|Discovered by J. Alu|
MPC designation (6037) 1988 EG
Minor planet category Apollo · NEO · PHA
Discovered 12 March 1988
Discovery site Palomar Observatory
|Discovery date 12 March 1988|
Alternative names 1988 EG
Observation arc 28.24 yr (10,315 days)
Absolute magnitude 18.7
Discoverer Jeff T. Alu
Asteroid group Apollo asteroid
|Similar 3362 Khufu, 4183 Cuno, 1865 Cerberus, 2201 Oljato, 2212 Hephaistos|
(6037) 1988 EG, is an eccentric, stony asteroid, classified as near-Earth object and potentially hazardous asteroid. It belongs to the group of Apollo asteroids and measures approximately half a kilometer in diameter. It was discovered by American astronomer Jeff T. Alu at the U.S. Palomar Observatory, California, on 12 March 1988.
The S-type asteroid orbits the Sun at a distance of 0.6–1.9 AU once every 17 months (524 days). Its orbit has an eccentricity of 0.50 and an inclination of 3° with respect to the ecliptic.
The asteroid has an Earth minimum orbit intersection distance (MOID) of 0.0242 AU (3,600,000 km). In combination with its size, this makes it a potentially hazardous asteroid, which require an intersection distance with Earth of less than 0.05 AU, which is about 19.5 times the distance to the moon, and a diameter of at least 150 meters. On 27 February 2041, it will pass 0.02437 AU (3,646,000 km) from Earth. It also makes close approaches to Mars and Venus.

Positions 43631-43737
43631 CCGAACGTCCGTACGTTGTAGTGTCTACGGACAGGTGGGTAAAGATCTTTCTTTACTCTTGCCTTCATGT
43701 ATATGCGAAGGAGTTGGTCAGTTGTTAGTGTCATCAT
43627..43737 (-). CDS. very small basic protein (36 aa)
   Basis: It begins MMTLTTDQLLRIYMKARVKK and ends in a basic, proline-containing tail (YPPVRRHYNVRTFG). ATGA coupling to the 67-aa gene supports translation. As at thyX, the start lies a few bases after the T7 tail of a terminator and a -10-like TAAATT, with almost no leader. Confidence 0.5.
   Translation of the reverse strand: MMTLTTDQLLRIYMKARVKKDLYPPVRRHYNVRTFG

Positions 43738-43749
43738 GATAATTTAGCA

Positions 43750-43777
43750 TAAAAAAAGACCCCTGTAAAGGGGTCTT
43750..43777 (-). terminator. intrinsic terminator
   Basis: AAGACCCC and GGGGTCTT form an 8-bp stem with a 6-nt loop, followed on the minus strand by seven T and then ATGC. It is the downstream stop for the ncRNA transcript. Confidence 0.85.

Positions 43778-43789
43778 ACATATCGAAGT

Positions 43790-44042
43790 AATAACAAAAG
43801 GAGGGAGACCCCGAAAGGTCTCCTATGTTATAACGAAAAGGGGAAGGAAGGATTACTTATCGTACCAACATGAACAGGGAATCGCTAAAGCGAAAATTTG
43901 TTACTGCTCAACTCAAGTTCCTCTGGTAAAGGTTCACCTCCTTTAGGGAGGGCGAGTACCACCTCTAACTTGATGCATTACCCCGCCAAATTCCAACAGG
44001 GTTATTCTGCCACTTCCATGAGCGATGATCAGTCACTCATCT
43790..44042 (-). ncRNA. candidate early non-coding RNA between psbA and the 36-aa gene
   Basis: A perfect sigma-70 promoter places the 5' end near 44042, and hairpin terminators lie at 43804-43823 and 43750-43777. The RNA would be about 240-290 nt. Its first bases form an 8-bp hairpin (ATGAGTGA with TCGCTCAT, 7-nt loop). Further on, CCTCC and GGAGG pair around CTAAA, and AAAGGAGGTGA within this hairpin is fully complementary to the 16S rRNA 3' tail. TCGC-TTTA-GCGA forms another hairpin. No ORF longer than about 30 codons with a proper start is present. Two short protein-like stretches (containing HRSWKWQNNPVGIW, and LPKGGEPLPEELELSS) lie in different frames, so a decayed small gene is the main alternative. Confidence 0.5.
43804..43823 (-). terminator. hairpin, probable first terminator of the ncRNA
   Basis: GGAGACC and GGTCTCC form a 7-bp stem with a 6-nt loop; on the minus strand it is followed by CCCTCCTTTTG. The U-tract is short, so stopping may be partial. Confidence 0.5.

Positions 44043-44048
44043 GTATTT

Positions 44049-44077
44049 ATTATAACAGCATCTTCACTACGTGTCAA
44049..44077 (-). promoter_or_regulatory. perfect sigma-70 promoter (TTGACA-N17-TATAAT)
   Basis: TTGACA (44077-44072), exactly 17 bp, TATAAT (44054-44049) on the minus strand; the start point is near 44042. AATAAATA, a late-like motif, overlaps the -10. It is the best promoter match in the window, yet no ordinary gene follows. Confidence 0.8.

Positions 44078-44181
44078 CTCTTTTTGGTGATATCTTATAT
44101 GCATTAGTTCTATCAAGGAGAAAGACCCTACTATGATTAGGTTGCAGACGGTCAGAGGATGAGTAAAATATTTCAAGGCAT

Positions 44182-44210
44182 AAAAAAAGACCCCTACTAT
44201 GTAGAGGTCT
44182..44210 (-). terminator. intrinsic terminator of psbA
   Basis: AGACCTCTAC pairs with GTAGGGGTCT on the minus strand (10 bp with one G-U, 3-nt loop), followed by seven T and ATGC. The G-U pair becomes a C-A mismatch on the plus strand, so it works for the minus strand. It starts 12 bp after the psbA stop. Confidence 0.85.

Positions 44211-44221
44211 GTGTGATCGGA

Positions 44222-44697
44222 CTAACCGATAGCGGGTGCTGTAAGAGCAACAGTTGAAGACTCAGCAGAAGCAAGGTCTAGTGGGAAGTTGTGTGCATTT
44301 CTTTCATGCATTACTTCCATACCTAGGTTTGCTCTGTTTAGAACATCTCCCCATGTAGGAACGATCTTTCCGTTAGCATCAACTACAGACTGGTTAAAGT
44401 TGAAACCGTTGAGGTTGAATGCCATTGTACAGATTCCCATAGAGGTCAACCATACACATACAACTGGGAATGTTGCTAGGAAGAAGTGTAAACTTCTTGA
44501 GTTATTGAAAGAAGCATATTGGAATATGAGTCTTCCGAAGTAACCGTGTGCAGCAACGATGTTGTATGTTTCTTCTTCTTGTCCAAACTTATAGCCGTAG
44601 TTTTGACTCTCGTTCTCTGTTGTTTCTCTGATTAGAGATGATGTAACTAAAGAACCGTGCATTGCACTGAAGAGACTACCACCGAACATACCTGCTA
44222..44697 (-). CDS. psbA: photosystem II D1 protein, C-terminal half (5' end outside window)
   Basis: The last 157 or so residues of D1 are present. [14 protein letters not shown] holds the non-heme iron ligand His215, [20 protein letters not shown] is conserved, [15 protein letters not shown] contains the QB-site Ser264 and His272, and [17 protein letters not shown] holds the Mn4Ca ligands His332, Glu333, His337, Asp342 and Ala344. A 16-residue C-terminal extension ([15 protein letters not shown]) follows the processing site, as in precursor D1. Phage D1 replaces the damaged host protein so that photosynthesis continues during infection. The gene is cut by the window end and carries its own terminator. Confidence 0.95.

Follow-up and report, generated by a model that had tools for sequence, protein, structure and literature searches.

An ambiguous light-curve was obtained through photometric observations by Czech astronomer Petr Pravec in 1998. The light-curve gave a rotation period of 7000275999999999999♠2.760±0.002 hours with a brightness amplitude of 0.20 in magnitude. The alternative period solution is 7000291900000000000♠2.919±0.22 hours with an amplitude of 0.22 in magnitude (U=2).
The Collaborative Asteroid Lightcurve Link (CALL) assumes a standard albedo for stony asteroids of 0.20 and calculates a diameter of 540 meters, based on an absolute magnitude of 18.7. Observations with the Spitzer Space Telescope using its Infrared Array Camera at wavelengths between 3.6 and 8.0 micrometers, gave an average diameter of 399 meters with a higher albedo of 0.37.